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Is Arsene Wenger more a great bookkeeper - than a CEO?

14th Dec 2012
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It is common knowledge that Arsene Wenger, the manager of Arsenal football club, has a degree in economics and likes to be referred to as "Le Professeur". He is to Arsenal what Steve Jobs was to Apple - the de facto CEO - who has indelibly stamped his mark on Arsenal both as a football club and brand over the last 16 years.

For the first 10 years of Wenger’s reign Arsenal’s star shone very brightly - a combination of scintillating style of play, a superior fitness regime, technically gifted players and fighting spirit - made them every neutrals favourite team.

Fast forward to 2012 and it is clear that Arsenal’s brand USP has now become commoditised – even Swansea and Norwich can beat Arsenal at its own game.  6 years without a trophy is the most tangible sign of this decline to dullness.

But, parallel with this footballing decline it seems that Wenger wishes to be increasingly judged by his economic or business acumen, rather than his football management skills. After all he is no longer able to compete with the Mourinho’s or Ferguson’s in pure footballing terms.

Wenger’s legacy now appears to be all about running a sound business model. Which means that brand Arsenal’s frugality, profits and cash pile are the trophies Wenger now craves most of all.

The question I want to raise is; despite the signs of profit and business liquidity – is there a case for saying that Wenger has actually diminished, not enhanced, the overall brand value of the club - due to the business decisions he has taken in the last few years?

Consider the case for this proposition:

Most business success is closely related to underlying profitability of that business.

Profit in turn is dependent on revenue.

Maximising revenue, or certainly gross margin, opportunities must therefore be a goal of all successful CEOs.

A typical football club has 5 primary sources of revenue – and hence margin maximising opportunities:

·      Ticket sales

·      Broadcasting revenue

·      Commercial (sponsorship) revenue

·      Player sales

·      Prize money

Having a successful team, or product, is the crucial element in driving the revenue streams and hence profitability of the football business model.

The single most visible manifestation of Wenger’s business decision making is his dogged – some would say stubborn - desire not to give into exorbitant player wage demands or succumbing to ever inflated fees for super stars.

This means he has missed out on certain purchases because of price – that could have made a difference at crucial times (Gary Cahill in the January 2011 window springs to mind).

Whilst being forced to sell key players whose wages demands are out of line (Ashley Cole is a celebrated case – and Theo Walcott could be another).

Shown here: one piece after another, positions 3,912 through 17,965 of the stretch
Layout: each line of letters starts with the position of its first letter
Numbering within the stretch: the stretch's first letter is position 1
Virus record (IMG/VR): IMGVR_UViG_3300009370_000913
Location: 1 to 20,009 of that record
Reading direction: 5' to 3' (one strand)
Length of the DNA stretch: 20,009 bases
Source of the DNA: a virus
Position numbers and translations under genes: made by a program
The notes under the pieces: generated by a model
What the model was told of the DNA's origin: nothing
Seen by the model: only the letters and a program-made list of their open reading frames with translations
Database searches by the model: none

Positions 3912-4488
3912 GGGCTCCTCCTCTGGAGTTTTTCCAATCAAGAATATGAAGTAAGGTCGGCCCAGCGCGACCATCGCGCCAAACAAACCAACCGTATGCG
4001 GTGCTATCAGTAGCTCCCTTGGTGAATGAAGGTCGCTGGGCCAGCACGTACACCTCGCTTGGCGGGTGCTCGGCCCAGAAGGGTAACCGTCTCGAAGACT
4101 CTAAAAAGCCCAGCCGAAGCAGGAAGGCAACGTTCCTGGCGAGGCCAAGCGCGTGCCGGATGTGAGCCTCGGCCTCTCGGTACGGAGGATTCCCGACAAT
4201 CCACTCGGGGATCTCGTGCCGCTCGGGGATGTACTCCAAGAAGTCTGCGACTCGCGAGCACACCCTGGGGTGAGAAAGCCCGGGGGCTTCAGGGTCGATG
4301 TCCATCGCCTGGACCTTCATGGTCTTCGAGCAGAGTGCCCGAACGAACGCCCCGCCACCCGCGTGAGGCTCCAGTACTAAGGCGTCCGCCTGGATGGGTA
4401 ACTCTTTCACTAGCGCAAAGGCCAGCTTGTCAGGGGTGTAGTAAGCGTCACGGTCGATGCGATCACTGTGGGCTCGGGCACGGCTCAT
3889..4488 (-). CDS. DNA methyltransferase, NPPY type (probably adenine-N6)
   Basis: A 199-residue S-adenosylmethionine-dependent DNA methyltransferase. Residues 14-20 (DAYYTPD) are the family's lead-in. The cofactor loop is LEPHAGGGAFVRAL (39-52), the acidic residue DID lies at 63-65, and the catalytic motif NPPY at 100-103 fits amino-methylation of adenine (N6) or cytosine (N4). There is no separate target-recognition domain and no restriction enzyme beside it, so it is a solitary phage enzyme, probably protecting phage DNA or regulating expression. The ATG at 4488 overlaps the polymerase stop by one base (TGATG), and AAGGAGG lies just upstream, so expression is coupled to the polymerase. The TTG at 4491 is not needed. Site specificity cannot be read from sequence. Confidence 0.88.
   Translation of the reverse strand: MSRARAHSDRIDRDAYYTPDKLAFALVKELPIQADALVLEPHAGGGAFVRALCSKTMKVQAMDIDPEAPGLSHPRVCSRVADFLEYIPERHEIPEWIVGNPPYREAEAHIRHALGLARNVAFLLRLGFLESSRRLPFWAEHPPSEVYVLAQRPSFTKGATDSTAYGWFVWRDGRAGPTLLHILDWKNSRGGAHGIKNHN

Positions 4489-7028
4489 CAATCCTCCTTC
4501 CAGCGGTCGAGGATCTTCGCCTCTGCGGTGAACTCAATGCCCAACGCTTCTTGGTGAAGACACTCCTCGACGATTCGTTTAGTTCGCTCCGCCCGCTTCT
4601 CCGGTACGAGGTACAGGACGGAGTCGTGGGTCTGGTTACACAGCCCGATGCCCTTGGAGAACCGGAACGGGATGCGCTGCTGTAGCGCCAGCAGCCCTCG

This means he has saved Arsenal loads of money in the short run – but at the expense of forming a team capable of winning trophies.

An argument can be thus made for saying that Wenger’s poor judgment, in this crucial area of team building, has paradoxically had an adverse and direct impact on all 5 of the primary revenue areas.

So, it could be thus said that both as a business and football club the Arsenal brand has suffered due to Wenger’s recent stewardship.

There is a virtuous circle in football that looks something like this:

Because Wenger is famously miserly, frugal or stubborn – call it what you want - in box 1 - he has forgone the chance to even start the virtuous circle really going in the last few years.

So crucially, a non-cup winning team is unable to maximise the revenue stream from; prize money, commercial sponsorship, broadcast revenue, tickets and even player sales.

In business and football, it’s goals that count – so here are those all important scores:

Prize money – Chelsea €60m: Arsenal €28m

Proof that winning cups is good for the brand and the bank balance.

Chelsea earned €60m from winning the Champions League in 2012.

That’s €32m more than Arsenal - who didn’t even make it to the quarterfinals.

Commercial revenue - Man Utd £103m: Arsenal £46m

A successful team and brand will attract more lucrative sponsorship and merchandise contracts. Man Utd has 28 different sponsors – the top one being Chevrolet – which is worth a whopping $80m per year. Contrast that with Arsenal who has just signed a new deal with Emirates at a paltry £30m per year.

£57m a year less in sponsorship revenue is a big deal – forgone.

Player sales – Man Utd £80m: Arsenal £81m (but for 3 players!)

Football failure has lead to Arsenal’s stars constantly wanting to leave. Yes Wenger made a profit from the sale of Nasri, Fabregas and Van Persi – but these were all distress sales. Simply put, the £80m Man United got for Ronaldo from Real Madrid almost equalled the total sum earned from the sales of Arsenal’s 3 superstars Van Persie (£27m), Fabregas (£30m), Nasri (£24m).

In conventional business terms Wenger did not maximise the potential revenue he could have got for his prize assets – his players.

As the Arsenal brand gets more tarnished, in the absence of trophies and big stars, the margin achievable from each revenue stream will obviously fall. Empty seats at the Emirates are a visible sign of this happening already.

Wenger’s approach to business seems to be; “watch the pennies and the pounds look after themselves”.

However in a dynamic business sector, such as football, this cautious approach can be dysfunctional.

As with most other business models – spending or investing more in the brand – is actually the right business decision.

A bolder and longer-term vision – in terms of signing and retaining talent - could have thus delivered both a successful winning team and bigger financial rewards for the shareholders.